What’s an overblow?

Since I offer 3 Stages of performance, sometimes players order the wrong harp without understanding what they’re buying. “Yeah, sounds good man, I want that! Ummm…..what’s an overblow?”

 

An overblow is an additional note obtained through advanced technique. Lots of players have never heard of it,  or confuse the term with *blow bends* or simply playing really hard. That’s not the case, keep reading!

 

Another mistake is assuming that since the higher-priced Stages cost more, they must be higher quality. This couldn’t be further from the truth! They’re all just different tools for different purposes. If you don’t plan to incorporate overblows into your music, the Stage I option is the best tool for the job.

 

An overblow harp is a fantastic tool that can save you a lot of time and frustration, but there’s absolutely no benefit in paying for that setup labor if you don’t intend to use them!

 

Please watch these youtube videos that Jason Ricci and Adam Gussow have posted. I’ve also included one from my good friend Todd Parrott that explores just how far you can take these things. Make sure you really need or want to go there before ordering a more expensive high-end overblow harmonica.

 

Jason Ricci has been playing Spiers custom harps for many years. He’s currently on tour, is coming out with a new cd and offers Skype lessons as well. His website is http://www.mooncat.org/.

 

 

 

Adam kicks his off by playing “Alley Cat” on a Spiers custom harmonica. He has a whole bunch of instructional videos on youtube, and has lessons and music available for sale on modernbluesharmonica.com.

 

 

 

Todd Parrott pushes fresh boundaries with Joe Spiers custom overblow harmonicas, and offers lessons via Skype. He also has a new cd available. His site is www.toddparrott.com.

Here’s his take on my harmonicas:

 

repair a broken harmonica reed

Blowing out your harps? Read this to become a more popular harp player

repair a broken harmonica reedBreaking a 4 draw once in awhile is just a fact of life when you’re a blues harp player, but we can adjust our playing habits to make them last longer. The following advice is just from my point of view as a mechanic.

 

4 draw is by far the most common failure I see by about 50-1, but it applies to all of them. Maybe for you it’s hole 6, etc.

 

I don’t think just playing too hard is the only reason we kill them so much. If that were the case we’d blow out other reeds that get played hard and often, like the 2 and 3 hole reeds. I think I’ve replaced less than 5 broken 2 and 3 hole reeds in the last 10 years.

 

But volume is a factor. When the band is rocking out and we can’t hear ourselves, we tend to play too hard and rely on a few basic licks that we know “work” even when we can’t hear them. Wailing on the 4 draw is one of them.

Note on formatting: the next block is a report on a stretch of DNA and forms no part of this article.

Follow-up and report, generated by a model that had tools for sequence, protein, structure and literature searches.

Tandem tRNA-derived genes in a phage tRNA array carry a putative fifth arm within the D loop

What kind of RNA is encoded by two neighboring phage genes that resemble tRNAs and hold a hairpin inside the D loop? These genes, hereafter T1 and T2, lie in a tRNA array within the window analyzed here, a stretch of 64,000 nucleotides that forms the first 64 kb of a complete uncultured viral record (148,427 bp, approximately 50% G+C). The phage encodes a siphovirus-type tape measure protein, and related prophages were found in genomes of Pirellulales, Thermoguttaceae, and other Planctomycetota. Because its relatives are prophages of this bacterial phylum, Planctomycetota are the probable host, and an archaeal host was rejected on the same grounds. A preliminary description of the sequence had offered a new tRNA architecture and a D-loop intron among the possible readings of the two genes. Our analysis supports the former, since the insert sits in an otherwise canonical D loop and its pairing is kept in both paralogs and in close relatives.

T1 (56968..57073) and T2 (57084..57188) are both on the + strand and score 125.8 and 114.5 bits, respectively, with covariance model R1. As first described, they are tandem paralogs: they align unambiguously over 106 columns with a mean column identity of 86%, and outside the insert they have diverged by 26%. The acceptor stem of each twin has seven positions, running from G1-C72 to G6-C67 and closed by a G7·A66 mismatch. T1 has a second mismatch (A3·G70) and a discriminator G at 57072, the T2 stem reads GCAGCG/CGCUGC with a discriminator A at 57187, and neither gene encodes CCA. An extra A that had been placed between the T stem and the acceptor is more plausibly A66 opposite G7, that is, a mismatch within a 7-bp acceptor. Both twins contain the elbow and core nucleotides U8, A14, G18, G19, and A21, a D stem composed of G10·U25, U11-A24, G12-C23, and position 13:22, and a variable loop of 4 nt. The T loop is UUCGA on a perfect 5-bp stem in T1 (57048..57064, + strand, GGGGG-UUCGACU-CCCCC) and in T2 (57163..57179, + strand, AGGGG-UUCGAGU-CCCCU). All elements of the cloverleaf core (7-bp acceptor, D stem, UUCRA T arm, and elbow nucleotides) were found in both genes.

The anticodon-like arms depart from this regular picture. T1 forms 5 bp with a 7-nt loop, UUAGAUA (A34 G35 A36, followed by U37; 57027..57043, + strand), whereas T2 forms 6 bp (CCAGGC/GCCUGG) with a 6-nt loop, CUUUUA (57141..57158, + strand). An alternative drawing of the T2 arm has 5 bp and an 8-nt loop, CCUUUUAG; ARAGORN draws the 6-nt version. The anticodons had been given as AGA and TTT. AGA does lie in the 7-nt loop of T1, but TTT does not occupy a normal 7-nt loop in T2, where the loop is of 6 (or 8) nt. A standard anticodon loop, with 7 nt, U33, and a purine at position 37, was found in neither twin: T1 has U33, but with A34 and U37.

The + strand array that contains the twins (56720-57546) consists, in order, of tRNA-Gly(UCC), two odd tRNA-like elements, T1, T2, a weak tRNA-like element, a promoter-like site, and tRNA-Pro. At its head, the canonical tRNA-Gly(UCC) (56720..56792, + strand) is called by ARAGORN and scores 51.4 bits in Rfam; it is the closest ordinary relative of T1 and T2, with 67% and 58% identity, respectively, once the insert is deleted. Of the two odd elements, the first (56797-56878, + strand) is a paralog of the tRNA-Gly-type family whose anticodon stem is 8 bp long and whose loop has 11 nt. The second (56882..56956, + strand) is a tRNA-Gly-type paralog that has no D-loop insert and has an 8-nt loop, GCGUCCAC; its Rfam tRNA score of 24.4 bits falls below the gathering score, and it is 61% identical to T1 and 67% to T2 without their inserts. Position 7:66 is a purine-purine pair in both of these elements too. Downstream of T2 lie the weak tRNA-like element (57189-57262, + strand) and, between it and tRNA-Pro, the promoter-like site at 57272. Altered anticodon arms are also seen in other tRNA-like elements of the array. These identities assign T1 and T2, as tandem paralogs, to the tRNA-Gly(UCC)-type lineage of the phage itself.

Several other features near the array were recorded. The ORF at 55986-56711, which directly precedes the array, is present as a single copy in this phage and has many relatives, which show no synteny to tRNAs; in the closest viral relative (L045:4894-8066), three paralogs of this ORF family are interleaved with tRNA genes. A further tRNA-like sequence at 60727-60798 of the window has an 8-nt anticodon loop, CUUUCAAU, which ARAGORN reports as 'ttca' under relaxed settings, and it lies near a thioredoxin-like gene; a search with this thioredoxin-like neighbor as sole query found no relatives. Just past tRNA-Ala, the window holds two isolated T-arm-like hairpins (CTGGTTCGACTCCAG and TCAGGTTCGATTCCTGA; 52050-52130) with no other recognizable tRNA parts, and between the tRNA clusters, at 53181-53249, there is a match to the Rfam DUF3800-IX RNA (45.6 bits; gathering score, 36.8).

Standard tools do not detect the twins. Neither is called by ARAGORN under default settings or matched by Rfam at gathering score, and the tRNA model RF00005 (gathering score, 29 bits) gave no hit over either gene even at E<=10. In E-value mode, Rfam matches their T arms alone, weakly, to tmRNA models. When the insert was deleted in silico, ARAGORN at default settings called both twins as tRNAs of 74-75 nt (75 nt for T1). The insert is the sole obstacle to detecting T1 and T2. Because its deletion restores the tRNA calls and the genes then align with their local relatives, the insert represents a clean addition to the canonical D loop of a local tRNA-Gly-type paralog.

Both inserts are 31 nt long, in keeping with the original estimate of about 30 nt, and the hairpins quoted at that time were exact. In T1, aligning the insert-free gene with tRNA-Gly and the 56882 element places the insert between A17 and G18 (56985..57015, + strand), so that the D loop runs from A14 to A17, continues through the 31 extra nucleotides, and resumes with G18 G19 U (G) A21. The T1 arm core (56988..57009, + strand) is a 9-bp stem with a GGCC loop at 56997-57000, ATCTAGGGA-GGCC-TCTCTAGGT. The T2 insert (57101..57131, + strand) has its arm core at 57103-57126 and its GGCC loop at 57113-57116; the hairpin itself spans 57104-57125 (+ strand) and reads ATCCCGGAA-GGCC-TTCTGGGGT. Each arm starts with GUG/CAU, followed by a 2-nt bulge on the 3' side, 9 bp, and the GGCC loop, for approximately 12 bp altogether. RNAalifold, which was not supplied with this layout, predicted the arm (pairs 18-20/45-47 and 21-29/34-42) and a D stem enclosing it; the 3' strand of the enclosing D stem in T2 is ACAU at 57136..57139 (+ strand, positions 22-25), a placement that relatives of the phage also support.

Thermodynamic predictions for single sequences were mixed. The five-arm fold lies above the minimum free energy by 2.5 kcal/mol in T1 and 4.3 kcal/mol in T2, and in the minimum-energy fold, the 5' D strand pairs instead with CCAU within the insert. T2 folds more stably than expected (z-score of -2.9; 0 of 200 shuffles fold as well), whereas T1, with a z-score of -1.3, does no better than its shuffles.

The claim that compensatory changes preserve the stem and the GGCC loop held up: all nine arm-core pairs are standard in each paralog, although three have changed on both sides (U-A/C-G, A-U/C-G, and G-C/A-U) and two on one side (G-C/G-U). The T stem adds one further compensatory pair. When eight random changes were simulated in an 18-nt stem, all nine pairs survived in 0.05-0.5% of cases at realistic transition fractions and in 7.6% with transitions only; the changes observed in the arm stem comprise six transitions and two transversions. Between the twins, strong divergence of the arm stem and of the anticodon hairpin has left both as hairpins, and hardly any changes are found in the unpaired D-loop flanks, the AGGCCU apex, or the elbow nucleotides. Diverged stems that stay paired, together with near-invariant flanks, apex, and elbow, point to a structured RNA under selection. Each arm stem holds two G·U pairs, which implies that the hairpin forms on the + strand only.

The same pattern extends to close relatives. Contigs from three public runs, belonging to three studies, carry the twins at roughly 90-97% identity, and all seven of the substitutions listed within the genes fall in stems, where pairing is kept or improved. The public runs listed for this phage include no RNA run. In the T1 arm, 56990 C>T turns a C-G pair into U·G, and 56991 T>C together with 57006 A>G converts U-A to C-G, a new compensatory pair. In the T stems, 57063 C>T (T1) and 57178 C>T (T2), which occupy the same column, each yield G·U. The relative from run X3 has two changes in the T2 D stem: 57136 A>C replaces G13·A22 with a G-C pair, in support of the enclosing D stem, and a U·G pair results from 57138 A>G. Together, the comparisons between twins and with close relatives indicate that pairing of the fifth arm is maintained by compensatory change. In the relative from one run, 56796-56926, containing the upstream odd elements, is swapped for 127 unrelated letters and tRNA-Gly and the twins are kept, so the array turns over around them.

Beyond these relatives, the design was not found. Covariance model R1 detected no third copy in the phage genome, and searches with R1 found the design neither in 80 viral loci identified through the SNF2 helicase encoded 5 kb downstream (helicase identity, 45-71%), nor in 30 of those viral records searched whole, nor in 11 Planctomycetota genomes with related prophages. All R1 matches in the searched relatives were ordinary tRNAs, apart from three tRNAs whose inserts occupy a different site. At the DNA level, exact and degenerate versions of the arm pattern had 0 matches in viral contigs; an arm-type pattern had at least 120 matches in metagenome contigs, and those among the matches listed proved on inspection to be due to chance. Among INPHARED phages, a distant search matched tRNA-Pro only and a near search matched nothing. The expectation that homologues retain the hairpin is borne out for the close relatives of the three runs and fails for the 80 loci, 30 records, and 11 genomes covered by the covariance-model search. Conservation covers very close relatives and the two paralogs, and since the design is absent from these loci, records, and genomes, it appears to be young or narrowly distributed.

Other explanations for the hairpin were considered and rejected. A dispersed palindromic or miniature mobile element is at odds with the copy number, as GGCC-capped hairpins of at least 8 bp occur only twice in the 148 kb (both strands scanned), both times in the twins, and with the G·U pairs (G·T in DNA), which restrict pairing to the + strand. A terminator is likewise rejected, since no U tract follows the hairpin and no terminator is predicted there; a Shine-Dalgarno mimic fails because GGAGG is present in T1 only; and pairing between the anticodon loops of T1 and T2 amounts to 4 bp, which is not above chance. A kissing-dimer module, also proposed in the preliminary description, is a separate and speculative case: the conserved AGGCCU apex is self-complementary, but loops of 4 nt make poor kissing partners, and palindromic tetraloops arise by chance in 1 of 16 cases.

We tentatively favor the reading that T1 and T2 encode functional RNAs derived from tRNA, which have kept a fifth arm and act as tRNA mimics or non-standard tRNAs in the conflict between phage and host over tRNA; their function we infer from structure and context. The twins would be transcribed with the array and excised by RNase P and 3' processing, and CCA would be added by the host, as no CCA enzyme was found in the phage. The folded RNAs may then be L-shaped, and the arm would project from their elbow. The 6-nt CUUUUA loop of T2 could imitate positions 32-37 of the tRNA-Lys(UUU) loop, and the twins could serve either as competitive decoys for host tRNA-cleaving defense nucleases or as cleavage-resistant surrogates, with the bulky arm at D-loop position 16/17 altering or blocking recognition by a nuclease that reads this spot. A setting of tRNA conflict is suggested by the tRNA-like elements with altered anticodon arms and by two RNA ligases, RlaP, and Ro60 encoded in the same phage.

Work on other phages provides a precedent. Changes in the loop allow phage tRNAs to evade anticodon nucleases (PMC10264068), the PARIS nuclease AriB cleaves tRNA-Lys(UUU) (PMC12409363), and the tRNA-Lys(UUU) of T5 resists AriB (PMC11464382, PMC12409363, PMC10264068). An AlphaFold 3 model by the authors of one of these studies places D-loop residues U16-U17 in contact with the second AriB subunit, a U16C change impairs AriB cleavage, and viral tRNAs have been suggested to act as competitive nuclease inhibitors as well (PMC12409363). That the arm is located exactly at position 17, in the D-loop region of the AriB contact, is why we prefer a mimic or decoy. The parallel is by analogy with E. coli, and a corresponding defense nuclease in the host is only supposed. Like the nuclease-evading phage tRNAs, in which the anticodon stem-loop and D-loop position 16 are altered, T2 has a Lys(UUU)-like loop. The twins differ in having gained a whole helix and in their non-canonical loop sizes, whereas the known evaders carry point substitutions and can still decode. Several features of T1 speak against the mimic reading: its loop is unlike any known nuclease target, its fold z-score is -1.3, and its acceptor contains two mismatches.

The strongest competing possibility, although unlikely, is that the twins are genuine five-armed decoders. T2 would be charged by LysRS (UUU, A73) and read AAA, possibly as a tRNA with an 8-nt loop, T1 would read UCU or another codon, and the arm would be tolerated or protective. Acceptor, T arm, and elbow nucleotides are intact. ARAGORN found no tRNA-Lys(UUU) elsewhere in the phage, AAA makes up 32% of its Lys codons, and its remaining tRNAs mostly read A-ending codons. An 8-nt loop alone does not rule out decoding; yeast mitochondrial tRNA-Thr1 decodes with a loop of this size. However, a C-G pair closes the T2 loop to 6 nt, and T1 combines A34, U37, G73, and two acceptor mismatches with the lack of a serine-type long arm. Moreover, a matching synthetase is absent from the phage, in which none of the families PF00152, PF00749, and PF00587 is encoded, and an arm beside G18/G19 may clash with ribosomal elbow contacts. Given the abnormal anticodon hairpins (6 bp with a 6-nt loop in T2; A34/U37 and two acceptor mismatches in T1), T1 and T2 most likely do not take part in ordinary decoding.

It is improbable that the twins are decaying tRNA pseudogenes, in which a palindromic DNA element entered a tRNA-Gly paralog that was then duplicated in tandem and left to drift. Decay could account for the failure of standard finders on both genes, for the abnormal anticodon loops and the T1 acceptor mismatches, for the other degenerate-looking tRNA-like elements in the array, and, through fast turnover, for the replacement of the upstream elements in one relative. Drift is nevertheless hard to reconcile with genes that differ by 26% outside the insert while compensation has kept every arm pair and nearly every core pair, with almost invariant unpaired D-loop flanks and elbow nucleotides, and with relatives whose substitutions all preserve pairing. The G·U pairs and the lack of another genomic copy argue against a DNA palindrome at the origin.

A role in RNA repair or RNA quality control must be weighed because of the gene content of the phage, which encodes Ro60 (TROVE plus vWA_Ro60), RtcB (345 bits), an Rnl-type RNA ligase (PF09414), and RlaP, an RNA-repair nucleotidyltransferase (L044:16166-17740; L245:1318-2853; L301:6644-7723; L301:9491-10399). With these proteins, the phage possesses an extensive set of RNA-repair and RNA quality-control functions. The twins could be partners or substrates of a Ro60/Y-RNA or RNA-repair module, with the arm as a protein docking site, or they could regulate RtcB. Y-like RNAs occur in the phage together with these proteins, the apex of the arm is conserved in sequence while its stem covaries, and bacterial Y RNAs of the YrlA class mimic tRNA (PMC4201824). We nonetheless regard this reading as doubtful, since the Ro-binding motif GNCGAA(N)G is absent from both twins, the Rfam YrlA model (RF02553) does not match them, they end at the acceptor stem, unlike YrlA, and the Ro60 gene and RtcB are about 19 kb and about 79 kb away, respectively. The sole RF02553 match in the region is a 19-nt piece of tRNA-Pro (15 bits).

My advice is….. don’t bend the 4 draw down all the way to the “floor” of the bend so hard/often. When we do that it causes failures, much like bending the 5 draw does. Most of us figure out early on that bending the 5 draw down too hard will wreck a harp very quickly. And we stop doing it so much, even though it sounds cool…. because it costs too much money! To offer circumstantial evidence to back my theory up, I actually don’t have to repair very many 5 draws at all. Because we accept that it’s the player’s fault, and stop doing it. But for some reason, a lot of people blame the harp when it’s a different reed.

 

It’s basically the same sort of thing here, except we travel through another semitone before reaching that breaking point where something is going to give. The trick is to stop before you reach that breaking point. This applies to every hole, including the 5 draw which you can get away with bending a little once you figure this out.

 

The “in-tune” pitch for the 4-draw bent note is only about half way to the bottom of the bend. It’s actually kind of hard to control on some harps (which leads to the bad habit of cranking down hard on it), but shouldn’t be on my customs.

 

The fully bent note on any hole is usually around 40 cents flat of the actual note compared to a keyboard or tuner. That’s very flat! If you record yourself doing it all the time with a band, you might hear that it really doesn’t sound very good most of the time either (there are appropriate contexts). The drunken audience may still go wild, but the musicians you’re playing with probably don’t care for it too much.

 

Break the habit of playing the bends too flat, and form a new habit of playing them in tune. Then when you have a hard time hearing yourself, you’ll be less likely to blow your harp out.

 

Play in tune.

Make better sounding music.

Earn more respect from musicians.

Get more gigs because you sound better.

Make more money.

Save money on harps.